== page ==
From time to time I get questions from teachers who visit this site - usually from fellow ESL teachers. Some of my answers may be of interest to other site visitors, so they will be published here. (The questioner will remain anonymous.) If you have any questions, I shall be happy to hear from you. But I have a couple of requests.
Firstly, if you have a question about the ESL programme at Frankfurt International School, please review my information for FIS parents on the Parents section of this site. You may find an answer to your question.
Secondly, please bear in mind that I am a teacher with 4-5 ESL classes a day. I may not have time to answer immediately or comprehensively.
Lastly, please let me know if you find my advice useful. I take time to think about and answer questions, so I find it a little discouraging if I don't get some kind of reply. In particular, I'd like to know if my suggestions or comments have been helpful.
The first question comes from a teacher who was concerned about an activity in which young non-native speakers were asked to point out the grammar mistakes in sentences written on the board. She was concerned because she thought that incorrect language might reinforce errors that are already in the students' heads.
My reply: Thanks for your question, which is a very interesting one. Certainly, there was a time that teachers held strongly to the view that learners should avoid hearing and reading incorrect English and at all costs avoid speaking incorrect English. This approach is most closely associated with the Direct and Audiolingual Methods.
The current thinking is somewhat different. There has been a lot of discussion recently about the importance of language awareness (including of course grammar awareness). It is thought desirable to focus from time to time on language itself and not simply use it as a vehicle for conveying meaning. In this context it would be perfectly acceptable to ask students to point out the errors in a piece of text and ask them to suggest a corrected version. This seems to me to be essential training in getting them to recognize the errors in their own writing.
It's difficult for me to say however whether the practice is helping the students in your school. For a start they are young, and have not mastered their own mother-tongue to a sufficient extent to be as generally language aware as a 7th grader. Secondly, it would depend on the kind of mistakes that the teacher is exemplifying. Obviously, if the kinds of mistakes are those which would challenge the native-English speakers they will probably be way beyond the grasp of English learners. And thirdly, it would depend on the kind of discussion that follows the identification of the mistakes - this may also be well beyond the comprehension of the ESL kids.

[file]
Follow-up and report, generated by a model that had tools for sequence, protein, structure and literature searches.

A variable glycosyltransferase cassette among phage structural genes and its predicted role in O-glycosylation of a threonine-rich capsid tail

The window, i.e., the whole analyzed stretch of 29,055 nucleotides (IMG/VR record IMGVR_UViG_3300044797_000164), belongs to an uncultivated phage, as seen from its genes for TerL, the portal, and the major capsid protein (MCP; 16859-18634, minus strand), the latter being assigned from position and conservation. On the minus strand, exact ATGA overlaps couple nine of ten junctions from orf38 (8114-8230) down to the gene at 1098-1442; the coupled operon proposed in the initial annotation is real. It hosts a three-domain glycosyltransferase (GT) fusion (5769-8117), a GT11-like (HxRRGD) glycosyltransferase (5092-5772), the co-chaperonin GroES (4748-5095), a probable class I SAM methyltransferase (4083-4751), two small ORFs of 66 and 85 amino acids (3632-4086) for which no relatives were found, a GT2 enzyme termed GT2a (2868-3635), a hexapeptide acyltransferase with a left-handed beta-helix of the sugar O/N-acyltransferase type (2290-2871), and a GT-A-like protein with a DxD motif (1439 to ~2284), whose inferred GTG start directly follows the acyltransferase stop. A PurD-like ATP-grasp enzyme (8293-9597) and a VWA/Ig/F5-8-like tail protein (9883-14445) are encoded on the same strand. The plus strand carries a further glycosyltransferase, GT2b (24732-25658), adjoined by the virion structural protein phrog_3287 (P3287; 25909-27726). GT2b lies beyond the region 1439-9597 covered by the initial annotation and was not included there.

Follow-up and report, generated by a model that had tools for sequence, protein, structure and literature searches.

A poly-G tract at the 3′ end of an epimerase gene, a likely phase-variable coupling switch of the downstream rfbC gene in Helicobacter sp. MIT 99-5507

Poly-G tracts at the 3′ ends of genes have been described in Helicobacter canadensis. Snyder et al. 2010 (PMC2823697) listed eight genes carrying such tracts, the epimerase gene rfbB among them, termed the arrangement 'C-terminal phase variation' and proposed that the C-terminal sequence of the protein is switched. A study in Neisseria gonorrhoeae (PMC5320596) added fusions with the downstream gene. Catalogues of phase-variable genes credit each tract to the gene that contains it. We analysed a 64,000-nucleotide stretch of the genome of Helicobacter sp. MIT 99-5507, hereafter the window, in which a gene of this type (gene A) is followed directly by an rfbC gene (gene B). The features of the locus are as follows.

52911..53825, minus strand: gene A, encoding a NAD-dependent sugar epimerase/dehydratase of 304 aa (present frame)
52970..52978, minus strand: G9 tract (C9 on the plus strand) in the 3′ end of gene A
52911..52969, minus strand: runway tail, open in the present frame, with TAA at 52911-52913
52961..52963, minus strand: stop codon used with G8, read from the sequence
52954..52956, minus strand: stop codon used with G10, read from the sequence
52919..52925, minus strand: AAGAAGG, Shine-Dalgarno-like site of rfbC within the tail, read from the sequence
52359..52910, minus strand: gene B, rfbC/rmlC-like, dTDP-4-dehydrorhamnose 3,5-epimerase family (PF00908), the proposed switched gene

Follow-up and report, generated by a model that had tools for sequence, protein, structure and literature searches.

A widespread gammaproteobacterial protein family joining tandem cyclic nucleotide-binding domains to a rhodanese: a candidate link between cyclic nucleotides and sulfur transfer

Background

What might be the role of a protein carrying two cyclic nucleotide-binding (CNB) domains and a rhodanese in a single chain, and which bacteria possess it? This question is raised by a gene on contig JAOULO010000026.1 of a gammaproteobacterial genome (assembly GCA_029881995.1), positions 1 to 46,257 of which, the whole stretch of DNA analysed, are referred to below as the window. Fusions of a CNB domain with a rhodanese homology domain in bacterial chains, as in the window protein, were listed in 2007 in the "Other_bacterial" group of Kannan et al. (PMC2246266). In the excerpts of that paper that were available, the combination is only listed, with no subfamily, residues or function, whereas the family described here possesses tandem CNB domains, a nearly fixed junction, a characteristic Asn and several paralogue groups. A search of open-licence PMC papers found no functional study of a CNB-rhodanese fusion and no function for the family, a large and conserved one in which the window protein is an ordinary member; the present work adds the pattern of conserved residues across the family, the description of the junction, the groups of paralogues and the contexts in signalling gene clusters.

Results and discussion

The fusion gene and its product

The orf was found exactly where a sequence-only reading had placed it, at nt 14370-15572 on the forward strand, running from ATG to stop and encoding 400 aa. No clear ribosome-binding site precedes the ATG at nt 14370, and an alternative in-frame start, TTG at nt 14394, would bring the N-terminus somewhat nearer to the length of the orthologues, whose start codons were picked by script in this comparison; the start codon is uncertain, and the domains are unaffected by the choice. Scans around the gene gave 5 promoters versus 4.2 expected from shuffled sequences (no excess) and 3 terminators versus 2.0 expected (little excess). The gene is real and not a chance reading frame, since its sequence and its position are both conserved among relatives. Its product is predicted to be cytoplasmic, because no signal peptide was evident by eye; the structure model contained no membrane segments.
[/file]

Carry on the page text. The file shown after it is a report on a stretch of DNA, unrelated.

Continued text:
My web pages, and my teaching - of older kids - includes some examples of mistake finding, but these are aimed at non-native speakers from beginning level. This is not the case in your school so this kind of work may be problematic. (If you are interested in my views on teaching grammar, see my page at: http://esl.fis.edu/grammar/general/about1.htm The page also contains a reference to an article summarizing research that found that learners like to do grammar exercises in complementary pairs, e.g. recognizing whether the use of the present simple in a sentence is correct or whether the present continuous should be used. This is a kind of language awareness exercise using error recognition.)
I am sorry I can't offer more specific advice. I myself have not taught below grade 6 level and am reluctant to be too dogmatic about situations that I'm not familiar with!
This question comes from a teacher who was asking about the minimum standards of English required of students admitted to FIS Upper School.
My reply: As far as our program is concerned, we accept complete beginners through to the end of grade 8. Thereafter, they are supposed to have at least rudimentary English, but in practice the school is unlikely to turn anyone away. What is more likely is that they will tell the student to do a 3-month intensive English course at a language institute before joining.
The issue of having ESL students doing IB is a difficult one. Some of our students quickly reach a level of English that allows them to compete on equal terms with native speakers, but others of course achieve lower scores than they are capable of simply because they don't have time to learn the necessary language. There is no easy answer to this other than to be honest about the situation with the students and parents, and make clear to them the very demanding task they are facing. I very strongly recommend to them (and to the mainstream teachers) the importance of reading about and discussing the work in hand in their own language, so that they can build a strong conceptual base. Without this they are going to have enormous problems extracting meaning from the English language texts they have to read.